Adidas and Peloton on Thursday announced a collaboration that takes full advantage of the pandemic-powered wave of interest in activewear and home-based workouts. Their first effort is an apparel collection dubbed "adidas x Peloton SS21" designed by Peloton instructors.
The 11-piece collection includes tanks, tights, shorts, hoodies, tees, crewnecks, sports bras and joggers priced $30 to $85. They will be sold on adidas.com and apparel.onepeloton.com, and in select Adidas retailers and Peloton showrooms starting March 25.
"The launch will also include a series of on-demand classes, available on the Peloton Bike, Bike+ and the Peloton App starting March 18, as well as a live class celebrating the collection drop on March 25," according to a press release from the companies.
This partnership continues Peloton's effort to grow its apparel sales, which include its own private labels as well as third-party brands.
"Peloton has been very successfully launching apparel collaborations with high profile and emerging brands since its inception," BMO Capital Markets Managing Director Simeon Siegel said by email. "This is less new than it sounds though. Fitness brands have been syncing with other brands forever and these brands are some of the largest brands in the world, for the very reasons that they adeptly employ a range of wholesale models, from heavy sales into department stores to more limited drops, as with Peloton and other boutique fitness players."
It's also a welcome bit of attention for Adidas, which has struggled behind Nike and has been more apt to garner headlines for dropping Reebok than for any actual sneaker drop.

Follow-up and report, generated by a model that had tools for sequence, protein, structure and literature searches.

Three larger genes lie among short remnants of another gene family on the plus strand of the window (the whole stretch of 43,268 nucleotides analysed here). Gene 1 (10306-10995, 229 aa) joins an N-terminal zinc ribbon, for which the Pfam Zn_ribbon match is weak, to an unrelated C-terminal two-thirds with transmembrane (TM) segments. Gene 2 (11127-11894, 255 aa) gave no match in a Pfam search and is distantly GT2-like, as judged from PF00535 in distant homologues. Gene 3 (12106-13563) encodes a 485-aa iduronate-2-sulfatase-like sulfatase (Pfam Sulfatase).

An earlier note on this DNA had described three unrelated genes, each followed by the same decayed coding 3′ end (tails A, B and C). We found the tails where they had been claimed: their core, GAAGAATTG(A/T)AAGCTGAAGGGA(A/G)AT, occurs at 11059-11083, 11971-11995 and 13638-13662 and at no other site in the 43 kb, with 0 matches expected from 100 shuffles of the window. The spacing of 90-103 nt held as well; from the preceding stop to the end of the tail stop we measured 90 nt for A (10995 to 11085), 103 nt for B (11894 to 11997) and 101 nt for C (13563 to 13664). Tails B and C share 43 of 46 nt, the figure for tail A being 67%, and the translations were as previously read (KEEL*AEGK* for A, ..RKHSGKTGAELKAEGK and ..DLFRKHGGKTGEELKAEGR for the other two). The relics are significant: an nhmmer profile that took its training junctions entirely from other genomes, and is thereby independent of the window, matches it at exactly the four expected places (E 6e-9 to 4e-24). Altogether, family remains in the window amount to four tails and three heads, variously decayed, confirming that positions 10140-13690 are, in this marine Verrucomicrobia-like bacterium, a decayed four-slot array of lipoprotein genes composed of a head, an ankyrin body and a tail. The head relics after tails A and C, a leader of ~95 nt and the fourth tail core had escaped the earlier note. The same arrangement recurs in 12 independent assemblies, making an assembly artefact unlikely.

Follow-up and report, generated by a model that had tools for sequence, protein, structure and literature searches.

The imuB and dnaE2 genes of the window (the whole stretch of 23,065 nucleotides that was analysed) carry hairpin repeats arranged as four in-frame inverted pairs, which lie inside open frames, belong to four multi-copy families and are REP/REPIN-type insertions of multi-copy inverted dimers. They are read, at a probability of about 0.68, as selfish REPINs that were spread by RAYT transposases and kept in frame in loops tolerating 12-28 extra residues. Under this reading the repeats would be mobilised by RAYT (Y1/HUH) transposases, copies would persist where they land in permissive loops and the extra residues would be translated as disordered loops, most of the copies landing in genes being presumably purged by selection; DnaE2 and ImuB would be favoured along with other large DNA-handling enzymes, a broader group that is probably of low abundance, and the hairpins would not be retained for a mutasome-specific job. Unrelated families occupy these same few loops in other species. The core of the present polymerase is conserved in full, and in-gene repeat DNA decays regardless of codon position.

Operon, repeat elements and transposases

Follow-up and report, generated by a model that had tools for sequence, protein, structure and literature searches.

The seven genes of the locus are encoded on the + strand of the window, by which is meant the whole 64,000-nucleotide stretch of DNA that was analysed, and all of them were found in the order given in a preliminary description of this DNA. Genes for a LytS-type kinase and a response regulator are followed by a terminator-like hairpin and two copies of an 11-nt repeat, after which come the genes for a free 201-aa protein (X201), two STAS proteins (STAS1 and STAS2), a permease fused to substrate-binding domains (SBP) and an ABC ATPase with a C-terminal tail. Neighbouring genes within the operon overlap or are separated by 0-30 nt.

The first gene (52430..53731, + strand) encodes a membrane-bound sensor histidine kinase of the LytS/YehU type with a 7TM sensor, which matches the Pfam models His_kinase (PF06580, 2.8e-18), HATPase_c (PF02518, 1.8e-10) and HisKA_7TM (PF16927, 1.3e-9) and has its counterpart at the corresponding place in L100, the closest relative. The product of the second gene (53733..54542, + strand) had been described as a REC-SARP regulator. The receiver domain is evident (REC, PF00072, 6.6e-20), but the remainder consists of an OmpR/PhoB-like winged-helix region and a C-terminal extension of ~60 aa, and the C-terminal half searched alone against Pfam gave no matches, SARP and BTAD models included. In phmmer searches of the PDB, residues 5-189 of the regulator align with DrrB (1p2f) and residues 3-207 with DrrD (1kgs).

Adidas appears to be addressing that, saying last week that it will aim for 50% of its sales to be direct-to-consumer by 2025, revamp its store concept strategy and focus more on athleisure, among other shifts. The association with Peloton will help, Siegel said. "Ultimately, this is another revenue generator but Peloton's apparel has historically been a helpful referral tool as well," he said.
While hitching its wagon to Peloton, whose upward trajectory will likely continue even after the pandemic, is a good move for Adidas, it won't change much, according to Jane Hali & Associates analyst Jessica Ramírez. Compared to rivals like Nike and Lululemon, Adidas isn't doing well in popular segments like outdoor and running, and "doesn't have any of the top sneakers," despite that being its key category, she said.
"Adidas has been a little bit at a loss and I think hasn't been competing as aggressively as they used to," Ramírez said by phone. "With their announcement of their direct-to-consumer changes and the whole rethinking of their strategy last week, it kind of shows that they're trying to reform everything. With Peloton, I think they're trying to latch on to something. I think that's great for them, but it seems to be a very small line, so I don't think it would move too much. It would be another collaboration, like any other one."